Monday, 19 May 2014


The tradition of college commencement addresses seems to be peculiarly American. The word "commencement" itself is used here in a uniquely American sense, equivalent to "graduation" in British English.  I suppose the idea is that you are about to "commence" your adult life; from here on in, the dress rehearsal, line-learning and costume-fitting is over, and the Real Thing begins.

Despite having somehow managed to accumulate several degrees (4.5 or thereabouts), I have never myself attended a graduation ceremony as I'm allergic to such formal occasions, so I'm not sure whether any speechifying generally takes place.  But I'm pretty sure there is no tradition here of writers or other prominent public figures being invited to deliver uplifting thoughts on Life, the Universe, and Everything to a congregation of freshly-minted graduates.

In America things are different, and a good commencement address can achieve a considerable afterlife of its own.  Steve Jobs, Barack Obama, Neil Gaiman, Vaclav Havel and even Bono have all given addresses in recent times that receive millions of hits on YouTube.  You can even find a commencement "top ten" here.  I quoted a little while ago some words used in various such speeches to young adults given by Kurt Vonnegut ("If this isn't nice, what is?"), and there was an even more well-known -- but spoofed -- Vonnegut address that went viral in the 1990s ("wear sunscreen").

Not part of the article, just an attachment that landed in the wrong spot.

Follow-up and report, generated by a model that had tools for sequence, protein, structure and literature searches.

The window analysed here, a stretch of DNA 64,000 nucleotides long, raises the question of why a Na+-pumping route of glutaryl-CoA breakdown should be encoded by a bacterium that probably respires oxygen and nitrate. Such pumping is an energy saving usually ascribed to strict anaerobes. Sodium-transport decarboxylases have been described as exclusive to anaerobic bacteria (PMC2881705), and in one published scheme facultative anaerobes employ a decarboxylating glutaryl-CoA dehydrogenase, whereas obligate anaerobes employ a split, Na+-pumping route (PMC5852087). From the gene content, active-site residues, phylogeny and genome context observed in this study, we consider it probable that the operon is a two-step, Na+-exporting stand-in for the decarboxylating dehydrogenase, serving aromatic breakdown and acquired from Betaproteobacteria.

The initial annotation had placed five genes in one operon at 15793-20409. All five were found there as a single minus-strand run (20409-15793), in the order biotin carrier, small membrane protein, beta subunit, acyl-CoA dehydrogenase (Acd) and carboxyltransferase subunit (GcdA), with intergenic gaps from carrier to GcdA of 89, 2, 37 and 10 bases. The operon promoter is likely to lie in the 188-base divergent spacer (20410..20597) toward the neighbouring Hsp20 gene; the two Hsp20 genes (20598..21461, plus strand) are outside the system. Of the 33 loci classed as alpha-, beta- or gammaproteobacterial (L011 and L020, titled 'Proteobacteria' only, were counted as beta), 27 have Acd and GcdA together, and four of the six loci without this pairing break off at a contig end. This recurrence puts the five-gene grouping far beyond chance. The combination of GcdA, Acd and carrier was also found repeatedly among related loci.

Not much call for sunscreen here...

Recently I read a piece in the always interesting Melville House blog on the commencement addresses of Wendell Berry.  I was particularly struck by this quotation, on the importance of what we would now call "localism":

What has happened here? By “here” I mean wherever you live and work. What should have happened here? What is here now? What is left of the original natural endowment? What has been lost? What has been added? What is the nature, or genius, of this place? What will nature permit us to do here without permanent damage or loss? What will nature help us to do here? What can we do to mend the damages we have done? What are the limits: Of the nature of this place? Of our intelligence and ability?
What an interesting set of questions to ask of the place you live!  What a useful way to orientate ourselves, in a world that increasingly encourages us to focus globally, which is, in effect, to ask us to focus on nowhere and nothing in particular.

Though, in the words of the fictional sunscreen address, this may be "advice, like youth, probably just wasted on the young".

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